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Just Your "Average" Day in Seville...

When I arrived to study abroad in Seville, I had no routine, I was a tourist in every way. The first week was an exploration into the Spanish lifestyle and this beautiful city. Now, over four weeks later and over three weeks into class, I have finally assembled some sort of routine, though in Seville you never really know where the day will take you.

A typical weekday starts with class.

7:55 - Wake up with an alarm and drag myself out of my comfortable and warm bed. I get ready as quickly as possible, trying not to wake my roommate.

8:15 – Eat breakfast in our dining room, a small corner off of the even smaller kitchen in my Casa de Sevilla. My breakfast usually consists of Greek yogurt or some kind of fresh fruit depending on what our señora, Lola, stocks in the kitchen. My favorite fruit here are pears, which are always perfectly ripe.

 Catedral de Sevilla and Giralda

8:45 – Leave my casa and make my way to school, the CEA center. I live in the northern part of El Centro in Seville and CEA is in Barrio Santa Cruz, otherwise known as the Jewish Quarter, just south of the Catedral de Sevilla. The walk is a little over a mile and goes through the main shopping district, Tiendas del Centro, past the cathedral and bell tower, Giralda, and along the narrow cobbled paths leading to the school.
 CEA Center

9:05 – Arrive at CEA with ten minutes to spare. I have a tendency to always be early, which means I get to sit in the downstairs lobby and relax. The CEA center is a three-story building, with classrooms on the first and second floors, while the main floor has the lobby, a computer room, offices and an outdoor patio.
 Spanish Classroom

9:15 to 10:45 –Spanish class. For the first thirty minutes of class we practice speaking Spanish, talking about our weekends and experiences in the city. The next hour is spent reviewing and learning new grammar and verb tenses. The class, while difficult, is a great way to practice my Spanish in a relaxed atmosphere. There are only ten people in Intermediate Spanish I, which means we have plenty of focus from the teacher and can always learn from our mistakes and successes.
 El Rincon de Murillo

10:45 to 11:15 – Break between class at El Rincon de Murillo, around the corner from CEA. This is my favorite place to get a café con leche, chat with other students and people watch. The café is on a corner where tour groups pass by almost every five minutes. It is a place to hear a variety of languages and practice my Spanish with the waitresses.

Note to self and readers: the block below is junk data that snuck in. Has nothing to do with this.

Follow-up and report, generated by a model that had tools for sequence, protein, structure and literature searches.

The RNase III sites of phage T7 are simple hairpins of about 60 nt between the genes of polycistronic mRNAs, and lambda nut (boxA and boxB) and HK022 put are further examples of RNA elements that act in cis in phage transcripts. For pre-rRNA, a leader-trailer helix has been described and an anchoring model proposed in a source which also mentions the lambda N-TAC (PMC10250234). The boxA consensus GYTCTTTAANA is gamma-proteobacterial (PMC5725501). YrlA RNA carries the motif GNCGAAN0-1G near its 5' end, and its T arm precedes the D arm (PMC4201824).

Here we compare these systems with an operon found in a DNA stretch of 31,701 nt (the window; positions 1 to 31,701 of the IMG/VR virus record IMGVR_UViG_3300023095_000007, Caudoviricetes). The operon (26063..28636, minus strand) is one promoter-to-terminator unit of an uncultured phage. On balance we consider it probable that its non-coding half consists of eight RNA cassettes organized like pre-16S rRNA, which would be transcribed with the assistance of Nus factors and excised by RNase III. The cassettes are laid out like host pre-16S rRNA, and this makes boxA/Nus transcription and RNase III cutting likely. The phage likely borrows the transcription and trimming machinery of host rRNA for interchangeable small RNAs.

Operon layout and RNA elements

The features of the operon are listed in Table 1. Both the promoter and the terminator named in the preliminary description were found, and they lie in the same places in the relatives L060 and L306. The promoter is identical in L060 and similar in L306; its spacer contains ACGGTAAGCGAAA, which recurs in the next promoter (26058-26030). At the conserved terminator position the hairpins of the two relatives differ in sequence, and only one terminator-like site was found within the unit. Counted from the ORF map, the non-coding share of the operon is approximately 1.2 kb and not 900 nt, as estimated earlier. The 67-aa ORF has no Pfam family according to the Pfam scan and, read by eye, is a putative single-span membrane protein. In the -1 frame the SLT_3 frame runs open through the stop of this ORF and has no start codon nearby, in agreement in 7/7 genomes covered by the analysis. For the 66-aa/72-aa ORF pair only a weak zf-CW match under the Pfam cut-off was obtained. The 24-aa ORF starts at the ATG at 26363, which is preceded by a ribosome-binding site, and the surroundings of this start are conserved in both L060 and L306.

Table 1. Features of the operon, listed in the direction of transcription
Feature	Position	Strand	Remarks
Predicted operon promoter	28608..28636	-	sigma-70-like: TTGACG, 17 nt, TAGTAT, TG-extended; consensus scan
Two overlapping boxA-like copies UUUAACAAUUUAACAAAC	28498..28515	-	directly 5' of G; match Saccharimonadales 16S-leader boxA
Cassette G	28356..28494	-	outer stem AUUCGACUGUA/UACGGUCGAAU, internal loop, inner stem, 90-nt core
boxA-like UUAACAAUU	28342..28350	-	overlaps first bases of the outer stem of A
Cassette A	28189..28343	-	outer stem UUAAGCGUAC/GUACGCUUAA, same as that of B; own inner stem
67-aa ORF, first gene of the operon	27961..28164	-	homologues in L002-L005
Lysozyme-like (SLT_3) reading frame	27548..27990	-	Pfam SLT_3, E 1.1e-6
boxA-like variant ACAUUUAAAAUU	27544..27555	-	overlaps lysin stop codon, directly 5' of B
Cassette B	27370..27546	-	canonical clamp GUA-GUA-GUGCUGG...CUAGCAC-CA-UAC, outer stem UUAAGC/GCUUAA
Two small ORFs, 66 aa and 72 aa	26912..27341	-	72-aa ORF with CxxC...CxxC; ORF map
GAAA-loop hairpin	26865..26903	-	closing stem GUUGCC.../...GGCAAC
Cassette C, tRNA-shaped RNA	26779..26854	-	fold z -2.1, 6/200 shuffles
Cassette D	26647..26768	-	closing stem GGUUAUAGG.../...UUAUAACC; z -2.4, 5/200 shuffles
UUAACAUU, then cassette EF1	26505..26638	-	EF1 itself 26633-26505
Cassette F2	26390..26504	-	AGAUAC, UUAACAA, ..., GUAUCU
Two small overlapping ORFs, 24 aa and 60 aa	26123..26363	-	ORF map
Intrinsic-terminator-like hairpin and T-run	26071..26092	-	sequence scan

International Business classroom

11:15 to 12:45 – International Business class. We spend the hour and a half discussing travel through Europe, business practices, economy and everything in between. I am not a business major, nor have I ever taken a business class, however I have loved every minute of International Business. The teacher is engaging and entertaining and the concepts he explains are easy to understand. The class is small enough that we have the opportunity to ask questions and discuss what we are learning and experiencing in Seville.

12:50 – Meander home with my roommates, taking our time, window shopping and chatting.

14:00 – Our señora, who lives above us, brings lunch over, which usually consists of salad, bread and pasta, soup or a rice dish.

14:30 to 18:30 – Siesta. The first couple weeks here have been warm in the afternoon, which means it is the perfect time to stay inside and relax. Since I don’t take a lot of naps, I spend my siesta reading, hanging out with my roommates and working on homework.

18:30 –  Run through the city and along the river or go to the gym. My roommate and I spend our evenings enjoying the weather and sunset on a nice long run or, if we have walked enough for the day, we head to the gym close to our casa, which has a weight room and workout classes.

 Sunset along the Guadalquivir River

21:00 – Dinner at my casa, usually a lighter meal made by our señora. My favorite so far has been fried eggs and green beans in a flavorful garlic tomato sauce. We spend thirty minutes or so around the dinner table, talking and eating.

In Spain I have grown accustomed to staying up late. After dinner I relax at home or go for a walk. While I may have a routine, every day in Seville has been a surprise. There is always something new to learn, new places to see and new people to meet.

Kaleigh Shufeldt is the Fall 2014 CEA Mojo in Seville, Spain. She is currently a senior at the University of Arizona.

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